How can young people with intellectual and developmental disabilities access the learning benefits of work?
About 93% of people with intellectual and developmental disabilities have no paid employment. This represents a loss of opportunity with profound implications, including the loss of important opportunities to learn.
This project looks at a way of working that young people may be able to put together for themselves, with their allies. It involves using their interests and strengths and the support of a Personal Assistant to find a form of work that works for them.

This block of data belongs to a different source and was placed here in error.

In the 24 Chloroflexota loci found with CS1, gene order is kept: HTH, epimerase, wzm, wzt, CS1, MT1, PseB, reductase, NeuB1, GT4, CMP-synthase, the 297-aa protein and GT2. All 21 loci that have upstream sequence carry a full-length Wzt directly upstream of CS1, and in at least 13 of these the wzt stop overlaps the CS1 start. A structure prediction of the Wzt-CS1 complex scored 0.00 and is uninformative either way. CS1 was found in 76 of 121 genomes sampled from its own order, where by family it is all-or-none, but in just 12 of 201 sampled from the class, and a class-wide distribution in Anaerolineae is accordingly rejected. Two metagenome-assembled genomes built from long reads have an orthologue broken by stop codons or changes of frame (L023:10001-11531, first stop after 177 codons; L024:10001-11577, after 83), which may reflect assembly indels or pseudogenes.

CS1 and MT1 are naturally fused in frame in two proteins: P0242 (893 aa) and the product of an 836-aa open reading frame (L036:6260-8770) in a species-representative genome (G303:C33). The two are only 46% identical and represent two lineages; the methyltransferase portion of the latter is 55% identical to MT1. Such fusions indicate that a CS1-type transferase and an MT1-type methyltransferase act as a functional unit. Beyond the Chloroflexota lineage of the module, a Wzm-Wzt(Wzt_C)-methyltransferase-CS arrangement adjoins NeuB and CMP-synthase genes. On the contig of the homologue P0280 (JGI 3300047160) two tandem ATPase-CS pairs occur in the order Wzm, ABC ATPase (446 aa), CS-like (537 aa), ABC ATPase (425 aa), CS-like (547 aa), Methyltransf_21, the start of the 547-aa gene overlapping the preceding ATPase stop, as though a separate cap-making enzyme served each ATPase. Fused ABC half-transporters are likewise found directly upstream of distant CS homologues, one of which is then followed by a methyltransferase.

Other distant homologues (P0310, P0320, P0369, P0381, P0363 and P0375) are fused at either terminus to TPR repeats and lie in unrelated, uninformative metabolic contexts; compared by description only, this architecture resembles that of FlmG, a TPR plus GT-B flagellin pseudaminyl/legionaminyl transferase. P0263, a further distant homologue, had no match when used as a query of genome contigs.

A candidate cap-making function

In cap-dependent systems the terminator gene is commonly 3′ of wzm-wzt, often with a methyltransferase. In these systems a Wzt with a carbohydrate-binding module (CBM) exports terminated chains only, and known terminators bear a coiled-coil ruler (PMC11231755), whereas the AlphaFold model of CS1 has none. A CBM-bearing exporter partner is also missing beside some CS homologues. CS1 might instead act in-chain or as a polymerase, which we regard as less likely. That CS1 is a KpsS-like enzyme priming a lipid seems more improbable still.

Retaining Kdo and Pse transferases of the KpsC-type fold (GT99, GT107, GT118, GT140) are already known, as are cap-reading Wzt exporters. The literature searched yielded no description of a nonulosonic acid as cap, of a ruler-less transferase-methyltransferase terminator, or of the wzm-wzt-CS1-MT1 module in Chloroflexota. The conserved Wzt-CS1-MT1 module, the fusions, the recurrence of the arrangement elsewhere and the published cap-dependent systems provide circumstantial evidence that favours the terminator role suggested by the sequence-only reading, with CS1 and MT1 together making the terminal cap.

I will be asking how far working in this way can make some of the ‘goods of work’ accessible to young people with intellectual and developmental disabilities, whether they are paid or not.
I am specially interested in the learning that comes with work, through contributing to shared aims, working with others, and gaining social recognition. The study will explore learning by young people about how to contribute at work, and reciprocally, learning by others about how young people do contribute at work.
Finding a way to work …
Project based at the University of Southampton.
Funded by the Economic and Social Research Council.
00 44 (0)7463 878777